Learn Mandarin

The Confucius Institute at UWA (UWA CI) offers a wide range of quality language classes delivered by qualified teachers. We can help you to extend your horizons by improving your Chinese proficiency and deepening your cultural awareness.

General Mandarin classes

Our General Mandarin Classes, catering for all language levels from entry to advanced extension, develop language skills and cultural literacy.

Read more
Small Discovery Groups

Our Small Discovery Groups allow 3-5 students to focus on specific aspects of language learning and allows for more flexibility for your learning.

Read more

The HSK (Hanyu Shuiping Kaoshi) and YCT (Youth Chinese Test) are China's official language proficiency exams.

Read more
Business Mandarin Classes

We offer tailored corporate language classes upon request. UWA CI now also offers Business Mandarin as a UWA micro credential short course.

Read more
Private Tuition

UWA CI offers private Mandarin lessons. Click below to view tuition fees and book.

Free Chinese Conversation Corner

We run free conversation sessions at Claremont Library where learners can chat to native speakers and meet others studying the language.

Read more

Why learn Mandarin?

Global significance
Mandarin has more native speakers than any other language – nearly one billion people. China is the world’s second-largest economy and Australia’s most important trading partner.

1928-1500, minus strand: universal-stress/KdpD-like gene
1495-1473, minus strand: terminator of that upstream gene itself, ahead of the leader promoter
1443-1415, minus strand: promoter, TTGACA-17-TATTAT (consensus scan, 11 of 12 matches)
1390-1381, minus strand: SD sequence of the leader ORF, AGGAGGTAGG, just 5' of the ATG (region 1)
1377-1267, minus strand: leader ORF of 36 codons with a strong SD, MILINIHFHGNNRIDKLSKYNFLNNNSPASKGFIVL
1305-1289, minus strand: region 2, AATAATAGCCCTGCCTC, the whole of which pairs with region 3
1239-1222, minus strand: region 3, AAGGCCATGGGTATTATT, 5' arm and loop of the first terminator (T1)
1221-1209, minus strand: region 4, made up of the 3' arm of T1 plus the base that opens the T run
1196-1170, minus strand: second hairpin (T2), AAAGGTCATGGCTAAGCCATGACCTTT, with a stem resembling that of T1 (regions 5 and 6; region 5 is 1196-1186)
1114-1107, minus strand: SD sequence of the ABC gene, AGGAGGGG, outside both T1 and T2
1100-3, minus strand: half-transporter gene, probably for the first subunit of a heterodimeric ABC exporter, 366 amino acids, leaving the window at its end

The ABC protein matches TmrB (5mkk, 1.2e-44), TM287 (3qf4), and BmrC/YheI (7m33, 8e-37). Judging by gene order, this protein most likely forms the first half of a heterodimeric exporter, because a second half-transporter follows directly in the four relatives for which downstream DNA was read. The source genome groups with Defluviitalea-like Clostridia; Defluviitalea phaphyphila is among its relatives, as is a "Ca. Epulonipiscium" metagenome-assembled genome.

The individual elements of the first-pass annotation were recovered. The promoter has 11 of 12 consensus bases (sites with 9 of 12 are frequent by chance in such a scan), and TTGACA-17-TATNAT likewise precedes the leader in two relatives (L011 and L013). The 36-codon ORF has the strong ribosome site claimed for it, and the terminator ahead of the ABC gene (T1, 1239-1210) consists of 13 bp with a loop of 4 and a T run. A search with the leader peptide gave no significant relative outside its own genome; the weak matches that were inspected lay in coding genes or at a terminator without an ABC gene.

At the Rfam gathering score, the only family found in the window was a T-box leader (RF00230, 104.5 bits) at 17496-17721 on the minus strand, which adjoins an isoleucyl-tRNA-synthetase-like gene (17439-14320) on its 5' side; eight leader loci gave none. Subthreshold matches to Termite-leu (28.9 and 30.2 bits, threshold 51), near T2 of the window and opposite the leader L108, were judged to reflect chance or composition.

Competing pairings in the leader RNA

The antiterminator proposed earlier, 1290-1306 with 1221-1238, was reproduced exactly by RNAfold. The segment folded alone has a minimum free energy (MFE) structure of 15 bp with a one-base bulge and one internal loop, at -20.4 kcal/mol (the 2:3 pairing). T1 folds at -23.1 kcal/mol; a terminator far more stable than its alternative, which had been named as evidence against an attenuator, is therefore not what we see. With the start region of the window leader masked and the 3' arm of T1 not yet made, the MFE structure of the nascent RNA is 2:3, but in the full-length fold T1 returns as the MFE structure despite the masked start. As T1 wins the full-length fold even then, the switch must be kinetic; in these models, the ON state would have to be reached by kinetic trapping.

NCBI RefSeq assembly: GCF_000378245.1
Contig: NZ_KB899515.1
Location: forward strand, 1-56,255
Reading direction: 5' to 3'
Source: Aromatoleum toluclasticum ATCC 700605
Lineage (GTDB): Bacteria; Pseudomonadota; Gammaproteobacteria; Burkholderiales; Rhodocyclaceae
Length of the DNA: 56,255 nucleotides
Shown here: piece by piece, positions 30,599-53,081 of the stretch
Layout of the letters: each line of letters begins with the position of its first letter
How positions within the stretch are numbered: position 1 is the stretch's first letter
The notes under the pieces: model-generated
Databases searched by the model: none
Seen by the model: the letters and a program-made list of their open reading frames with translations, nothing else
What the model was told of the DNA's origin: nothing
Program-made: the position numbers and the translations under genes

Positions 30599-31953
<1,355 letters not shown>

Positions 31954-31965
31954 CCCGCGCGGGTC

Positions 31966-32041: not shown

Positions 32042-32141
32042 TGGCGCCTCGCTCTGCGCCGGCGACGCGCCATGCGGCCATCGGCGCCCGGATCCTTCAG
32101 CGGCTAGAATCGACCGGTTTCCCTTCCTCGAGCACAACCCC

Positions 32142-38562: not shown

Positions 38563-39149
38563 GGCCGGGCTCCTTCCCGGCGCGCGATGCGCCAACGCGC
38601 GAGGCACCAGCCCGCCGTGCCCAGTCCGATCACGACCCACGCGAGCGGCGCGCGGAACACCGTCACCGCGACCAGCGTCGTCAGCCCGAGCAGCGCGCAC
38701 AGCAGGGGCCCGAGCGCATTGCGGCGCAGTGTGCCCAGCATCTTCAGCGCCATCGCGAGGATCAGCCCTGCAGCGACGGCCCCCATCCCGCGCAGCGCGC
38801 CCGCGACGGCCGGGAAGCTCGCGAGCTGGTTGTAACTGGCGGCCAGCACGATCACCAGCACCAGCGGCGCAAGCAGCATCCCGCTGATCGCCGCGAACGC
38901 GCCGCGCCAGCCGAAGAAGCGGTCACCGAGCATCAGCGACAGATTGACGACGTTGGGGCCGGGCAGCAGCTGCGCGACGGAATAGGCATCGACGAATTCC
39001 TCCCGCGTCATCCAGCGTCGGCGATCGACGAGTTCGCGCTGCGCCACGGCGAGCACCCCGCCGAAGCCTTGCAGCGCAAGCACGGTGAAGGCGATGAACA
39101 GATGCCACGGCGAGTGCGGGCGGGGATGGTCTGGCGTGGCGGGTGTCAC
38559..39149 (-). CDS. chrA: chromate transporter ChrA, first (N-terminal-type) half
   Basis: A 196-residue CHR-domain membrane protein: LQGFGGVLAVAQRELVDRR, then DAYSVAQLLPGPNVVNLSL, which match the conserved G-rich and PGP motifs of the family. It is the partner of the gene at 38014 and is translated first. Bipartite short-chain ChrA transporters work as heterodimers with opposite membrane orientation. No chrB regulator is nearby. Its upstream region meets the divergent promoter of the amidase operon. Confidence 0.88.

Our courses
We aim to help students at all levels reach their Mandarin language goals. Beginner courses start with basic spoken phrases for daily communication, while intermediate and advanced courses cover listening, speaking, reading and writing. Our students are all ages – from those in their late teens to those in their late seventies.
Simple grammar
In many ways Mandarin grammar is much easier to learn than English grammar. There are no tenses, plurals, articles or conjugations.
Small vocabulary
There are far fewer words in common use in Mandarin than in English. Knowing about 3000 Chinese characters will enable you to read most newspapers and books.
Do I have to learn to write?
Not necessarily. Beginners use an alphabetised system called pinyin to learn to speak. As students progress they learn to read, and eventually to write characters. As pinyin can be used on the digital keyboards of smartphones and computers to write in characters, the ability to handwrite characters is not as necessary as it once was.